Doggone Column, Chauvinism Lives
Wednesday - February 28, 2007
The dog ate my work. Mr. Pono, the wiener dog, has given new meaning to the excuse, “The dog ate my homework.”
Any child who has uttered this phrase to a teacher at school was surely thought to be lying through their teeth. But leave it to Mr. P to give children all over the world hope that this age-old mantra might not be so farfetched after all.
There were many times during my six-year stint on MidWeek‘s full-time staff that I would take my work home with me. And now that I write from home, there are even more papers lying around the house. I have a habit of printing out my column to get a final read before I submit it.
One night, I was reading my printed copy during dinner. I was eating take-out from a Japanese restaurant and some of the teriyaki sauce happened to get on the back of some of the pages. I wiped it off, finished my meal and went to take a shower, leaving the column on the end table in the living room.
When I emerged from the bathroom, I saw a pile of shredded paper on the floor.
“What on earth?!” I said out loud. “What is this?”
I bent down to pick up the pieces and realized it was my column - or part of my column - covered in doggie drool and teeth marks.
The remnants of the teriyaki sauce proved too great a temptation for Mr. P to pass up (or, as I’d like to think, my words were so enthralling, Mr. P couldn’t resist his own intensive read-through).
Of course, in this electronic age, a copy of my column was safely stored on the hard drive of my computer, saving me a call to MidWeek editor Don Chapman to say, “The dog ate my work!”
Today’s woman. Leave it to one of the guys to stick his foot in his mouth. At a recent get-together of friends, my pal Brian blurted out, “Women only go to college to find a husband, get married and have babies. What’s the point?”
“What????!!!!!” was the uniform response from the five females who heard this remark.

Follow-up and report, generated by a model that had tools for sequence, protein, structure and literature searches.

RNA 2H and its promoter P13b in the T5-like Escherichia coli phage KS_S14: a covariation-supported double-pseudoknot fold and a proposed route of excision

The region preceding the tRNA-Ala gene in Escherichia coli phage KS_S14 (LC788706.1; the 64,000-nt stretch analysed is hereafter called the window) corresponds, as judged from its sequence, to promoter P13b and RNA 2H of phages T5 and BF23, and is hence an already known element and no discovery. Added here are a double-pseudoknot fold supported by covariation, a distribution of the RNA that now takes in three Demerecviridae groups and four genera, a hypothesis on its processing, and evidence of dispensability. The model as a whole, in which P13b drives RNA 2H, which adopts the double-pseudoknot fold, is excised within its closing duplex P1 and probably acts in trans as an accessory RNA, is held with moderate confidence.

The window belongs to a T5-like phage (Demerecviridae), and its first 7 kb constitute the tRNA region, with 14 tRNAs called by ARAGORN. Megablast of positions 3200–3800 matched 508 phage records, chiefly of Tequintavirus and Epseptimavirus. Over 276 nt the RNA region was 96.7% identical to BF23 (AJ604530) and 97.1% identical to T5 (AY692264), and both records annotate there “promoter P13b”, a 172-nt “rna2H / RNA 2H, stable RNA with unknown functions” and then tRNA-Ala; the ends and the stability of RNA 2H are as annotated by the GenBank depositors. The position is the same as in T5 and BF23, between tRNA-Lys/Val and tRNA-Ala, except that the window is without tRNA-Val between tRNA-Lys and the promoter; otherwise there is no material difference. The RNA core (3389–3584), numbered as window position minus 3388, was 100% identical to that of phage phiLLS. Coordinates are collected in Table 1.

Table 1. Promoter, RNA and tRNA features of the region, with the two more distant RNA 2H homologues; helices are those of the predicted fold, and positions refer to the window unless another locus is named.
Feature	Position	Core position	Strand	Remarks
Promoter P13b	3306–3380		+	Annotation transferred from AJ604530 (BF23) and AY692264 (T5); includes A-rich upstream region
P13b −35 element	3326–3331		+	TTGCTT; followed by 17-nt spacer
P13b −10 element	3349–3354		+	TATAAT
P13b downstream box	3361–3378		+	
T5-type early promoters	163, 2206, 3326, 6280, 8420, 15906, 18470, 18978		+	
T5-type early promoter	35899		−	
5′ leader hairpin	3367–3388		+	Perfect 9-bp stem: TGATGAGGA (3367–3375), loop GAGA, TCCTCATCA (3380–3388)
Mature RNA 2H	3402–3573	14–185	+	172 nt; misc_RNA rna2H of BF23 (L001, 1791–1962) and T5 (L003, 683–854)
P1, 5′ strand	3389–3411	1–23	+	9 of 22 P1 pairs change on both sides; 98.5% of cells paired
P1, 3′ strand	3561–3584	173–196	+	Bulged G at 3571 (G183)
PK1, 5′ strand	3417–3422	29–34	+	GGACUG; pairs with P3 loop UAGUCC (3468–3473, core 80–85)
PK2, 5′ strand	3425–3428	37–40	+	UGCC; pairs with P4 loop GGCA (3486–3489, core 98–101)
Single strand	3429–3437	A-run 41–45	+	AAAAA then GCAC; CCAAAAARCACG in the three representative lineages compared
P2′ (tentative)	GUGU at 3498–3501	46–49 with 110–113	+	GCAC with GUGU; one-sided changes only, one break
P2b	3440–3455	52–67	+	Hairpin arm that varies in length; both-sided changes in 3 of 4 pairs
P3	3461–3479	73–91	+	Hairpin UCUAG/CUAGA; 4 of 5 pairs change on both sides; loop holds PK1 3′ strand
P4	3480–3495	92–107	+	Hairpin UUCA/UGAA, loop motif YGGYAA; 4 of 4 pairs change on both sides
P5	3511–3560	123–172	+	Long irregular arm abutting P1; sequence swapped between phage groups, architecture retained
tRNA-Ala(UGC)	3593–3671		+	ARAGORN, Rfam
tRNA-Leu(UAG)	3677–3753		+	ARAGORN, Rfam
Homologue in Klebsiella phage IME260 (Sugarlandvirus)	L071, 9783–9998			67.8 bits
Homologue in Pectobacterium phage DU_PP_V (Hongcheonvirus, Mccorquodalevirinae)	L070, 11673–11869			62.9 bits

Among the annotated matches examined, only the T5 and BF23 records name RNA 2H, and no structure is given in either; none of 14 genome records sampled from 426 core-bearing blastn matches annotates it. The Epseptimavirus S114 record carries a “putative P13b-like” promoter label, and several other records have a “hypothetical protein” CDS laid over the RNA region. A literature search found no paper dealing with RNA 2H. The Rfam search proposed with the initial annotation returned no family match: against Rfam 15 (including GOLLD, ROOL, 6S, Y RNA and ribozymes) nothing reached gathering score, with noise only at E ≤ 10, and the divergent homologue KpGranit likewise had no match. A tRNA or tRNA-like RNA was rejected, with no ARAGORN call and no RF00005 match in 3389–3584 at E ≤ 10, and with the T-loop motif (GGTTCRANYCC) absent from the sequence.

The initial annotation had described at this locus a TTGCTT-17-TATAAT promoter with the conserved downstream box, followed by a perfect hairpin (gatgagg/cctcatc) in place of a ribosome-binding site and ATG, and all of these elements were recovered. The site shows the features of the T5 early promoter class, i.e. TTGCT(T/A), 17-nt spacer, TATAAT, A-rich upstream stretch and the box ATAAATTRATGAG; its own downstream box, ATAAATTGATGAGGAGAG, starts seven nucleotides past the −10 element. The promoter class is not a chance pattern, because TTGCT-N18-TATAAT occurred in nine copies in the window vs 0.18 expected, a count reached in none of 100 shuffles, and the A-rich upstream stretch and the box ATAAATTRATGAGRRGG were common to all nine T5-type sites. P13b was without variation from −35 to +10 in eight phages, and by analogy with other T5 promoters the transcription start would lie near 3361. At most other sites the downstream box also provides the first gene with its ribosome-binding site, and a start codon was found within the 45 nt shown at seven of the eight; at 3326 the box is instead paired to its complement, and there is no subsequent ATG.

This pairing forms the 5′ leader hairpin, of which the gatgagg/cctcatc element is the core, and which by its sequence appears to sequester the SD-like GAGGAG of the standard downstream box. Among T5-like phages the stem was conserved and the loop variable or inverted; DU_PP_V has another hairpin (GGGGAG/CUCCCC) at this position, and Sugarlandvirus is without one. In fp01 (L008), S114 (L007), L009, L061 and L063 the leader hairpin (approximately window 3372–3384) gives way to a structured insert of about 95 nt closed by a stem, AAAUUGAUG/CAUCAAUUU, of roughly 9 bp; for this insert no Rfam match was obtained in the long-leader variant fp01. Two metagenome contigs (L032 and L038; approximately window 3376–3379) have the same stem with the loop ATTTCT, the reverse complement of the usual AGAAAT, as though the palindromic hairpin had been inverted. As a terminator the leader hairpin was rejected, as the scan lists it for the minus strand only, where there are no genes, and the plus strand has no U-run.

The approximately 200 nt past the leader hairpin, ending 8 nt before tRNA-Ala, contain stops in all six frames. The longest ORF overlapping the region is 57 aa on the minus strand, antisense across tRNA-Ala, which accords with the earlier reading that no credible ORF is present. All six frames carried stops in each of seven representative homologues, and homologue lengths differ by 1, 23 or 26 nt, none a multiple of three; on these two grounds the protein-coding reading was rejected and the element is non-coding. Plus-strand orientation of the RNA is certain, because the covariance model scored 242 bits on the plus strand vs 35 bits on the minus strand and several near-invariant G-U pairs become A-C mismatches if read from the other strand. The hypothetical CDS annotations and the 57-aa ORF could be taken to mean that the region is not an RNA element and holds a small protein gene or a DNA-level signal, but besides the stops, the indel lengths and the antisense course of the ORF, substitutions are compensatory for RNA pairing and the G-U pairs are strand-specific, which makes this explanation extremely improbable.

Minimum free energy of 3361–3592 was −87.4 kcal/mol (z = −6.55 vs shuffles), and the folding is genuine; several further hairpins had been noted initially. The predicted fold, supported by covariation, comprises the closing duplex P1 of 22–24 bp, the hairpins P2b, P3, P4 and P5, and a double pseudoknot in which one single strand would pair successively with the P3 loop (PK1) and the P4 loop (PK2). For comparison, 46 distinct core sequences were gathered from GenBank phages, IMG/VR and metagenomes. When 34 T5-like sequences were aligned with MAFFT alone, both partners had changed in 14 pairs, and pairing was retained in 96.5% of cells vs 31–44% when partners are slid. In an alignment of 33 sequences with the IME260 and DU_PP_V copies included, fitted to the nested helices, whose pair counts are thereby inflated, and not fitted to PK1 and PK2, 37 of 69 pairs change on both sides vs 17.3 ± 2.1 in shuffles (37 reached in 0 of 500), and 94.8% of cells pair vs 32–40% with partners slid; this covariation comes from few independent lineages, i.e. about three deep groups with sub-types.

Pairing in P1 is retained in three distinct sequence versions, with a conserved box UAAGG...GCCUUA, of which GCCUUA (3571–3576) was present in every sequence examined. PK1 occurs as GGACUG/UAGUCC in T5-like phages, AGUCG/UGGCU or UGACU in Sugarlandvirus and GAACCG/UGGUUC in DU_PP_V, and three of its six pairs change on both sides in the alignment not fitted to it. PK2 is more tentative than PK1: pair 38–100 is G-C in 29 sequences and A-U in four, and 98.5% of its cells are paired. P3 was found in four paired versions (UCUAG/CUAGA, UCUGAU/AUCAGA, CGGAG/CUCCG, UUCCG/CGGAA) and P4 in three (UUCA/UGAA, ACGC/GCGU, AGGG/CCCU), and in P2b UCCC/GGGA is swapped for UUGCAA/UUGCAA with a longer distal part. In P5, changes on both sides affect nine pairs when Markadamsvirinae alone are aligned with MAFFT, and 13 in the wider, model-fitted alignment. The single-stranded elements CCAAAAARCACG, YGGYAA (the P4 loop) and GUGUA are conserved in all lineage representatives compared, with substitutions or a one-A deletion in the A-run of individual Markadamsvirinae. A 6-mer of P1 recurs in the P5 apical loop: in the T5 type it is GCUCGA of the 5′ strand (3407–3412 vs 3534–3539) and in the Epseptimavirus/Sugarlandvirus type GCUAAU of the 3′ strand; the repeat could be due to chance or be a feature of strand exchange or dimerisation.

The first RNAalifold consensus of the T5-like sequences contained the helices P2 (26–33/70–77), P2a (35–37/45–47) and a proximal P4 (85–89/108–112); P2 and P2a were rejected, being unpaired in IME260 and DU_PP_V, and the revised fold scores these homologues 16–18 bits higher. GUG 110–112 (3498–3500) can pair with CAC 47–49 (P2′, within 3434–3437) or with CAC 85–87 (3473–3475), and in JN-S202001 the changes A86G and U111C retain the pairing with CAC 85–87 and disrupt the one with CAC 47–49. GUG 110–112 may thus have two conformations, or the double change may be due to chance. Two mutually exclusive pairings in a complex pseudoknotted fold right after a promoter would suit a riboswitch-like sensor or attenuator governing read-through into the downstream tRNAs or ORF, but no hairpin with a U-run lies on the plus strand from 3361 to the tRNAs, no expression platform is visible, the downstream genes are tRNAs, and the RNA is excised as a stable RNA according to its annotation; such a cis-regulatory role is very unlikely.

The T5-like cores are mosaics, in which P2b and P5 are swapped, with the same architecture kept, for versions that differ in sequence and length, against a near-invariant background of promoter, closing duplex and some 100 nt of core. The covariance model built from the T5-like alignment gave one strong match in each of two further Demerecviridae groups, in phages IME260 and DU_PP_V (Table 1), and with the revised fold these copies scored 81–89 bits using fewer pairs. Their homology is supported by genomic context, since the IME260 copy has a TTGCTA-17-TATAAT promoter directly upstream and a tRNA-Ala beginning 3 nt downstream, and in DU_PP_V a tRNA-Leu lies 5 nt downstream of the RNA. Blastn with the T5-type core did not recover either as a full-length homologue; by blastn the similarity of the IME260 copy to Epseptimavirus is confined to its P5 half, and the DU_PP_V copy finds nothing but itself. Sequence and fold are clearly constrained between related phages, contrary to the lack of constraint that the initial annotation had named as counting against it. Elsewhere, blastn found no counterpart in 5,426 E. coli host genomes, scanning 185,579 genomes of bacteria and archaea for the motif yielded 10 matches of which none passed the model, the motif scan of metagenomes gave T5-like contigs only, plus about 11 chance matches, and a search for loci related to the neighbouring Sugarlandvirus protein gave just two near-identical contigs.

“Oh, I know you didn’t just say that,” my friend Tanya said, glaring.
Since we’re all in our late 20s and early 30s, it’s around that time when everyone is starting to settle down, get married and have children. So Brian was thinking about it. Several of the women he knew, once they started to have kids, gave up their jobs.
So in his mind, he saw a college degree as something of a waste of time if women were just going to quit their jobs to get married and have babies.
“Well,” I said, “Someone has to do it.”
“Do what?” Brian asked. “Have the kids!” I said. “You can’t do it. So let me tell you something about today’s woman. We have to do it all! Get our degree, find a good job, be a wife, a homemaker and a mother.”
I told Brian he couldn’t expect women to just pop the children out and be right back at work the next day, but that most women I knew enjoyed having a family and a job where they could use their education as well.
Brian’s attitude got the women in the room into a frenzy, and he ended up stuck in the middle of a 20-minute yell fest about women’s liberation, equality of the sexes and freedom of choice.
Brian finally conceded that his comment was chauvinistic and made in haste. We only hope we convinced him that the women of today have a difficult balancing act to maintain. The women I know want to make a difference in the world - whether that means we choose to make the world a better place by raising our children or by building our careers.
Useless trivia. Just a few last-minute thoughts courtesy of the website bored.com for the next time you’re at a party and looking for small talk:
* “Stewardesses” is the longest word that can be typed with only the left hand.
* One out of 10 people live on an island.
* Ninety percent of bird species are monogamous; only 3 percent of animals are.
* A cockroach can live nine days without its head before it starves to death.
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